Chicago Tribune’s RedEye April 22, 2010
The sun is shining, the trees are budding, Chicagoans everywhere are shedding their winter coats and coming out of hibernation. Spring is (timidly) coming into focus and the sidewalks are suddenly thick with a plague more plentiful than a zombie outbreak and more annoying than Rod Blagojevich: enormous strollers. It seems that, overnight, parents ditched streamlined, fold-able strollers for baby buggies so obnoxiously huge they rival SUVs.
Like an ant that wandered into a radioactive lab in a ’50s movie, strollers have blown up to monstrous proportions. There’s a war out there. It’s being fought on sidewalks, in crowded “L” cars and in malls with even the widest of aisles. Baby carriages have been supersized– and you had better get out of the way.
Allow me to pause here and assert that not all parents are sidewalk hogs. The ones I’m after plow through innocent bystanders with a sneeringly passive-aggressive “EXCUSE ME!” and an eye roll.
The wheeled behemoths seem to have a hypnotic effect on the parents who helm them. The bigger they are, the more of a right parents seem to think they have to most of the sidewalk. They’ve turned pedestrians into that doomed amphibian in a real-life game of “Frogger.” God help you if you’re faced with the dreaded double-wide strollers.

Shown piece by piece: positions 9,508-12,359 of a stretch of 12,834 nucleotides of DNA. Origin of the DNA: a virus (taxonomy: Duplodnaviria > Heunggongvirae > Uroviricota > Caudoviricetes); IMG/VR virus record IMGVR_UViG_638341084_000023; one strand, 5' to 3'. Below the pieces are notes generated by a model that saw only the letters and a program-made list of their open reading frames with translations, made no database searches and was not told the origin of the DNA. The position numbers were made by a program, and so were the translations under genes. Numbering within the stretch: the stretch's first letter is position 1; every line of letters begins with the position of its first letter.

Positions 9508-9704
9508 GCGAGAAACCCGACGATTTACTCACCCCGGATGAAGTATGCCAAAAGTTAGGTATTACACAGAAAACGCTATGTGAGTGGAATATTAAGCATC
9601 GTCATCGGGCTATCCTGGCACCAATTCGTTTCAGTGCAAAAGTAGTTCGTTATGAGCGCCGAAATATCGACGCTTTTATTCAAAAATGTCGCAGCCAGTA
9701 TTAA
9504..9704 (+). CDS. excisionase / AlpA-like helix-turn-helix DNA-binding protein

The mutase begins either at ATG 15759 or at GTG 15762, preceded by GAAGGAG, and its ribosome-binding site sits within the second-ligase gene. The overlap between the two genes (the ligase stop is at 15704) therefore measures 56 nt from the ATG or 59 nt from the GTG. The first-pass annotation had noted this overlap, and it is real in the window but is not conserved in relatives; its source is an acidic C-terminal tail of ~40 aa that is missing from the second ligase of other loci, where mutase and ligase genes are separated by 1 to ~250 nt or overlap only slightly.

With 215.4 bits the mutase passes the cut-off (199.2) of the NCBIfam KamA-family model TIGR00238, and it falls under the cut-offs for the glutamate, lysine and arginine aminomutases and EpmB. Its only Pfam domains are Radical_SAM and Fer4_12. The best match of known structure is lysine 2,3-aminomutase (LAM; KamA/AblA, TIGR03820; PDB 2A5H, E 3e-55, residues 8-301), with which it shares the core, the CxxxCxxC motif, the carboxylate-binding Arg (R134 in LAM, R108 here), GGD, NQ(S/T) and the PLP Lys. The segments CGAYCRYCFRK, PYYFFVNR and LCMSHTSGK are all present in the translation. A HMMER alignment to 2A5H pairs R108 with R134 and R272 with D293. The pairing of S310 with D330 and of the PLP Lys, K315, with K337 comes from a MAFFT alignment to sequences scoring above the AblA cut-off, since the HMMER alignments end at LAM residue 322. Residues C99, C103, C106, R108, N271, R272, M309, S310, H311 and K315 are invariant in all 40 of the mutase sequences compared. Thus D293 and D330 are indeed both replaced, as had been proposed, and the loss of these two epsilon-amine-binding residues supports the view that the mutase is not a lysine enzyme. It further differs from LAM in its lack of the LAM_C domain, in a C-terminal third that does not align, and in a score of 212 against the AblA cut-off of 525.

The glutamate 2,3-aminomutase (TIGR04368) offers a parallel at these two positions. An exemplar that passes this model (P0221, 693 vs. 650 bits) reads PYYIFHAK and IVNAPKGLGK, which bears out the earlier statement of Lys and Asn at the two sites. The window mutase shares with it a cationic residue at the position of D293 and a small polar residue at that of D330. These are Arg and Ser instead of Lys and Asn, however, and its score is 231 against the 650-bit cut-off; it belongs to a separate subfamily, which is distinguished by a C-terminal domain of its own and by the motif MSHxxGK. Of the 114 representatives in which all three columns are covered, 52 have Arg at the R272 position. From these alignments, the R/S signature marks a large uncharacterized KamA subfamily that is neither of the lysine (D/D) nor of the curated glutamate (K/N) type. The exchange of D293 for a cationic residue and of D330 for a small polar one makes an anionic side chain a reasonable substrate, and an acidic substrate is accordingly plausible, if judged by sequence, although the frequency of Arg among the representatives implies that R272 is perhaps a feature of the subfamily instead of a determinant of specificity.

Gargantuan strollers have become symbols of ridiculous yuppie decadence, and their price tags can climb to more than $1,000. The already unwieldy baby buggies are made even more so as the parents pack them full of baby essentials. These strollers resemble the Joad family’s truck, piled high with every possession they own spilling out as they migrate west looking for work.
But these baby carriages aren’t fleeing to California to pick oranges; they’re only going to the corner Starbucks. Diaper bags hang off the handles, multiple cup holders are filled with sticky sippy cups, toys are shoved underneath the seat and the stroller’s nylon storage pockets swell to resemble cancerous-looking growths full of binkies, tubes of sunscreen and tiny pairs of socks. I half expect the newest Bugaboo model to come with a Gatling gun option on the off chance that the apocalypse arrives on the return journey from Trader Joe’s.
Sometimes, the wretched parent isn’t even pushing his or her charge. The parent is carrying the baby in a sling or pulling the toddler by the hand. As I dodge to get out of their way, I sneak a peek inside the massive carriage only to see it is holding dry cleaning.
The battle of stroller bloat rages on with no end in sight. The cavalry of over-the-top strollers grows as my fellow childless pedestrians are forced into the street by colossal carriages and left clutching our sore ankles post-accidental-buggy-bash. We’re tired of being pinned against an “L” car’s wall by clueless babies and their pretending-to-be-clueless parents. We need a downsizing revolution.